NotesFAQContact Us
Collection
Advanced
Search Tips
ERIC Number: ED524765
Record Type: Non-Journal
Publication Date: 2010
Pages: 157
Abstractor: As Provided
Reference Count: N/A
ISBN: ISBN-978-1-1244-4754-4
ISSN: N/A
Can the Virtual University Expand Access to Higher Education in Africa? The Dialectic of the Local and the Global
Adala, A. Atieno
ProQuest LLC, Ph.D. Dissertation, Indiana University
A recent phenomenon in higher education is the emergence of the virtual university. Some observers have attributed its emergence to globalization and technological innovation. This dissertation study is about one particular instance of the virtual university phenomenon, the African Virtual University (AVU). The AVU initiative was launched with great promise by the World Bank in the mid-1990s on the premise that it would leverage information and communication technologies (ICTs) to significantly expand access to higher education in Africa. Almost ten years after it was created and despite being launched with such great hope and promise, the AVU was yet to have the impact once envisaged. In this study, I sought to investigate whether the African virtual university could expand access to higher education in Africa? This was done with the help of cultural-historical activity theory, which made it possible to conceptualize the AVU initiative as a complex activity system riddled with contestations and contradictions. I sought to identify the source of, and analyze the contradictions that seemed to characterize the implementation of the AVU initiative and consider their implications for the mission to expand access to higher education. Data collection methods included participant observation, document analysis and interviews. Findings indicate contradictions along the local versus global dimensions that seemed to characterize the implementation of the initiative. The primary contradiction was identified as that between technology (ICTs) versus content in the sense that ICTs were leveraged in a way that favored the distribution and marketing of imported degree programs at the expense of leveraging ICTs to enable local institutions design a scalable and flexible system to help expand access to their own programs. This led to secondary contradictions, for example, the system took on a global versus local hierarchy in the division of labor that left limited opportunities and resources for building human capacity at the local level since the educational systems design was done externally by the foreign providers, with local institutions relegated the responsibility of learning facilitation and the provision of learning facilities. [The dissertation citations contained here are published with the permission of ProQuest LLC. Further reproduction is prohibited without permission. Copies of dissertations may be obtained by Telephone (800) 1-800-521-0600. Web page: http://www.proquest.com/en-US/products/dissertations/individuals.shtml.]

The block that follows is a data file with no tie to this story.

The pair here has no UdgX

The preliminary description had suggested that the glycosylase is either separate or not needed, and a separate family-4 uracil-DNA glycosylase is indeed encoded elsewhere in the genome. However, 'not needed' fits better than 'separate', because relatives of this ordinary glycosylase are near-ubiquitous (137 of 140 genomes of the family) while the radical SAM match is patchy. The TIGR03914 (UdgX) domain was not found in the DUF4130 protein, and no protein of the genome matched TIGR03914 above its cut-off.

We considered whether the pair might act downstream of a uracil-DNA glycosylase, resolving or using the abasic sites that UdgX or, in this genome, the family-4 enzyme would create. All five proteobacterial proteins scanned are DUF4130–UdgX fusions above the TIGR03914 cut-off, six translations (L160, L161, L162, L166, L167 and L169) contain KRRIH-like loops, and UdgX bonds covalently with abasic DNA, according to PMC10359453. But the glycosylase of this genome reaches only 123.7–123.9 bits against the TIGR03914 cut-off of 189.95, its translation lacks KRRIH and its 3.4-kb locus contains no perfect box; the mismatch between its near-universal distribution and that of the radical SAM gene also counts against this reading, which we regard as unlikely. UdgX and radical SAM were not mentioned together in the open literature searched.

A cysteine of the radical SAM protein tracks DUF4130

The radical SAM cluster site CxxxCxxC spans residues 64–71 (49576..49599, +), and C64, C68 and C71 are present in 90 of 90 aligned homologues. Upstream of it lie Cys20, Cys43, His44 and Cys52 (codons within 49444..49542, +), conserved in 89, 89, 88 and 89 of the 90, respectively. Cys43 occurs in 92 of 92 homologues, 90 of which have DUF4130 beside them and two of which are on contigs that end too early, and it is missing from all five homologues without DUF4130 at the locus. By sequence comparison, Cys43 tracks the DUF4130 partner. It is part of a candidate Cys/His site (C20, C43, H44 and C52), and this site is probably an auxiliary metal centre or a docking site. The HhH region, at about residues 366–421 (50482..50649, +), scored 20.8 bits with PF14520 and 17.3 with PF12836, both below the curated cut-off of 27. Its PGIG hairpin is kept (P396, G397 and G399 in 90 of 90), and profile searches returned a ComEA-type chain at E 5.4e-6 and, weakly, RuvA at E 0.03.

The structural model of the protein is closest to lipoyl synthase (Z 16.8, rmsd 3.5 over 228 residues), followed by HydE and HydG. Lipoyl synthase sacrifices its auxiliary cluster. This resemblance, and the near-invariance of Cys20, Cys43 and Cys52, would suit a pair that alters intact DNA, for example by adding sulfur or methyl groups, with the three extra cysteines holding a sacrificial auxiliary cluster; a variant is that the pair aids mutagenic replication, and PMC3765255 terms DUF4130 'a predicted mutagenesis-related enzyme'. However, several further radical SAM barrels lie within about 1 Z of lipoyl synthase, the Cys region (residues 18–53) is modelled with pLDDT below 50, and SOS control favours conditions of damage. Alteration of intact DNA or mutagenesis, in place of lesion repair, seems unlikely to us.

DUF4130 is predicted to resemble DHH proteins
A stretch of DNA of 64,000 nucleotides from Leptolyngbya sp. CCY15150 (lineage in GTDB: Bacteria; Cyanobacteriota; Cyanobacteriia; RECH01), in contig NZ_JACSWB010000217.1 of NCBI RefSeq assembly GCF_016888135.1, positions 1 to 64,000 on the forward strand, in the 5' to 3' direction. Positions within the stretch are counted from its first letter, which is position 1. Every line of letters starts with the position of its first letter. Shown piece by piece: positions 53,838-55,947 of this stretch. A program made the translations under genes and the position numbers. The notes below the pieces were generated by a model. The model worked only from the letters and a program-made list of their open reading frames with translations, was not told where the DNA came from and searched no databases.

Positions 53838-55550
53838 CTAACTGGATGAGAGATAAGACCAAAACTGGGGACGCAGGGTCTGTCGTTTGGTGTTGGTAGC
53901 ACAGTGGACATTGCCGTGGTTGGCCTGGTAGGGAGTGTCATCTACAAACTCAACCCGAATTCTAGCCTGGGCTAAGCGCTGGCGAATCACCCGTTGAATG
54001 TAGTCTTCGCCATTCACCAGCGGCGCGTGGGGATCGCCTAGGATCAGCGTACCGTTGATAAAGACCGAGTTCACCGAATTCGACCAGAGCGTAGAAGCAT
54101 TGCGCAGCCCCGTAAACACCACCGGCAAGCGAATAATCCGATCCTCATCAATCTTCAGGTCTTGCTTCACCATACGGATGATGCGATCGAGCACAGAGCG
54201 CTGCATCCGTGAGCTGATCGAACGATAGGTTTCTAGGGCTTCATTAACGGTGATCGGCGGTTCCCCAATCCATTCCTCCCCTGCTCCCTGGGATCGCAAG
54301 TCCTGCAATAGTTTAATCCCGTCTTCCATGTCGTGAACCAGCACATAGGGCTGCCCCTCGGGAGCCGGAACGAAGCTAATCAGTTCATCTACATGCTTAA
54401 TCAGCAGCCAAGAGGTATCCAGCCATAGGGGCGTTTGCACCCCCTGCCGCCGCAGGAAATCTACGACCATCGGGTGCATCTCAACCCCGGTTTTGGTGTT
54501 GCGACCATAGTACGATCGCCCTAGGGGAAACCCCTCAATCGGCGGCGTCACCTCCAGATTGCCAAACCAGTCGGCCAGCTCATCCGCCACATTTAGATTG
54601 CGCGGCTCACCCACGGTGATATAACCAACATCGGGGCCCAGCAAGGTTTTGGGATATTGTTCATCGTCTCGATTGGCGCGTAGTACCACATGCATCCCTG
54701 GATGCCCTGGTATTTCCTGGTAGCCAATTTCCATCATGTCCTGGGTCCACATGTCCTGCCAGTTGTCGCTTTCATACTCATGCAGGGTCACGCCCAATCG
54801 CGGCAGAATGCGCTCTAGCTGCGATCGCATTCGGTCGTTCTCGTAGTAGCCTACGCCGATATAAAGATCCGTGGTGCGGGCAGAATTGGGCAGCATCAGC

ProQuest LLC. 789 East Eisenhower Parkway, P.O. Box 1346, Ann Arbor, MI 48106. Tel: 800-521-0600; Web site: http://www.proquest.com/en-US/products/dissertations/individuals.shtml
Publication Type: Dissertations/Theses - Doctoral Dissertations
Education Level: Higher Education
Audience: N/A
Language: English
Sponsor: N/A
Authoring Institution: N/A
Identifiers - Location: Africa